Kansas Snapshots by Gloria Freeland - April 27, 2018
Two years ago, Denver Bronco quarterback Peyton Manning was at the helm when his team won Super Bowl 50. They were a sentimental
favorite because, although Manning was not the dominant player he once was, a win seemed an appropriate capstone to his storied career.
This past Tuesday, we had a somewhat similar experience times two. One of those was in Kansas State University’s McCain Auditorium where David Littrell also scored a “win” in his farewell performance, both as a cellist and as the longest-serving leader - 28 years - of the university’s orchestra.
But unlike Manning, there were no signs that he was closing out a remarkable career propped up on memories. While fortunate to have a better-than-usual group of musicians under his baton this year, he certainly did not squander their talents and the music was wonderful.
Yet writing about music is much like writing about a painting - words never do justice. But the process can be instructive. While the fairy-tale notion of being a “natural” - a person who appears at an early age with impressive skills - is appealing, the fact is that almost anyone who is excellent at anything only arrives at that point after hours of hard work. The somewhat accepted “rule of thumb” is that it takes 10,000 hours of concerted effort to become an expert.
That mastery for David began when he took up his instrument as a youngster in the sixth grade. Warren Walker was cello instructor at Kansas State University then, and David’s father Harvey asked Walker to be his son’s tutor. With years of mentoring, David would earn a bachelor’s degree in music. In Texas, he would earn a master’s and a doctorate degree. Over the years, he became first chair in many orchestras, both in the academic world and the professional one. He has headed national music organizations and performed at Carnegie Hall and toured the United Kingdom and Ireland. He returned to K-State when Walker retired, even buying Walker’s cello.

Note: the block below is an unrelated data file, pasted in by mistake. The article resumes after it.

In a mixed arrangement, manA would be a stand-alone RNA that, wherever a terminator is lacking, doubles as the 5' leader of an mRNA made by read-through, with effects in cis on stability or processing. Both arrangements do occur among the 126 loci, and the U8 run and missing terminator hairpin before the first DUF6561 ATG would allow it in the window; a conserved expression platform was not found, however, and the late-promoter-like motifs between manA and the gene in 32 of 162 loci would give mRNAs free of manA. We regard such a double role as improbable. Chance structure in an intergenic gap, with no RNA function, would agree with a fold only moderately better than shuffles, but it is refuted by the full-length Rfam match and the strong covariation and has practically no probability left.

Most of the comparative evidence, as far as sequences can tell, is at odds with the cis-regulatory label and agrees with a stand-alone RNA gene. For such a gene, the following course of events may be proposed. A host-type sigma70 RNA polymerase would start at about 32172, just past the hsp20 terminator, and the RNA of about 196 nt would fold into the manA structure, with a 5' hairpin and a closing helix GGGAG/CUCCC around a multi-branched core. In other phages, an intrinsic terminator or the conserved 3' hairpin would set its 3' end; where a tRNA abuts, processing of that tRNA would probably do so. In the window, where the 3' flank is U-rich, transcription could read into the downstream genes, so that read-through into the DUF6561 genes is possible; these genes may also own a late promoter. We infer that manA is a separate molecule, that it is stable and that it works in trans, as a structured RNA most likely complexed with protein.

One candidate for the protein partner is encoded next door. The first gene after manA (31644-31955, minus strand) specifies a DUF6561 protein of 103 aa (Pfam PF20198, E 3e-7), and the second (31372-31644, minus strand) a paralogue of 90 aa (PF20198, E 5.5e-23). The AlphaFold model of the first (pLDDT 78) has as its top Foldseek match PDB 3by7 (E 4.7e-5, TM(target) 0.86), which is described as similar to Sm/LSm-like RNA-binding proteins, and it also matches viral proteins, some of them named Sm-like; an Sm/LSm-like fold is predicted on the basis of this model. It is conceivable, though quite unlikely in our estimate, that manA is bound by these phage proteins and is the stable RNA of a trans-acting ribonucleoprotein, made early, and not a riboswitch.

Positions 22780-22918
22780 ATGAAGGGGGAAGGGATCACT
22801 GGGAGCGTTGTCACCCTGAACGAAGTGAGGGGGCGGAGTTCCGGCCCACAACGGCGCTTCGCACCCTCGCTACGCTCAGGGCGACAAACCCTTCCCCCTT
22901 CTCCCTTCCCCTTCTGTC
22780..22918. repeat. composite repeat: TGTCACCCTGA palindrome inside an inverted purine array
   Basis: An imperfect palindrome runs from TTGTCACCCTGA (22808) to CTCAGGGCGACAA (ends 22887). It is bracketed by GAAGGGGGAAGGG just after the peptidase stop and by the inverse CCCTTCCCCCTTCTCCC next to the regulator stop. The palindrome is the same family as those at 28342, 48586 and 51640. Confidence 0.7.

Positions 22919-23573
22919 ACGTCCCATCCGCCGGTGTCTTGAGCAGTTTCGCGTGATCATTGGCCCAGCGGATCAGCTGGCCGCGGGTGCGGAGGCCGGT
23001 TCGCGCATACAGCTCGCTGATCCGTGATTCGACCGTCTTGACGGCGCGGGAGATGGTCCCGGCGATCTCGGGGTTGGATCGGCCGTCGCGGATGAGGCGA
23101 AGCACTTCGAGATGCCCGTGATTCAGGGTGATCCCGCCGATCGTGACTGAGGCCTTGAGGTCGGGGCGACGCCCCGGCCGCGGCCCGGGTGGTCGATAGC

Along the way, David became a master teacher as well. He has twice been recognized with the university’s excellence in teaching award. In 2007, the Carnegie Foundation named him Kansas Professor of the Year. He has long held the title of University Distinguished Professor. Together with his mentor, they represent 70 years of preparing students.
But that preparation was not just for their instruments, but for life as well. He did not form and lead children’s string orchestras in his time away from the university with the goal that perhaps one of its members might be the next Itzhak Perlman or Yo-Yo Ma. Instead, his focus was on developing the habits of work and concentration that led him, and can lead anyone, to excellence in any chosen field.
He didn’t earn the admiration and respect of those orchestra members by being some lovable teddy bear. He was demanding, yet accessible. He could be deadly serious about his music, but his rehearsals were peppered with corny jokes that his students embraced. He demanded that the members blend, while always conscious of the fact that they are individuals and an approach that may work with one does little for another.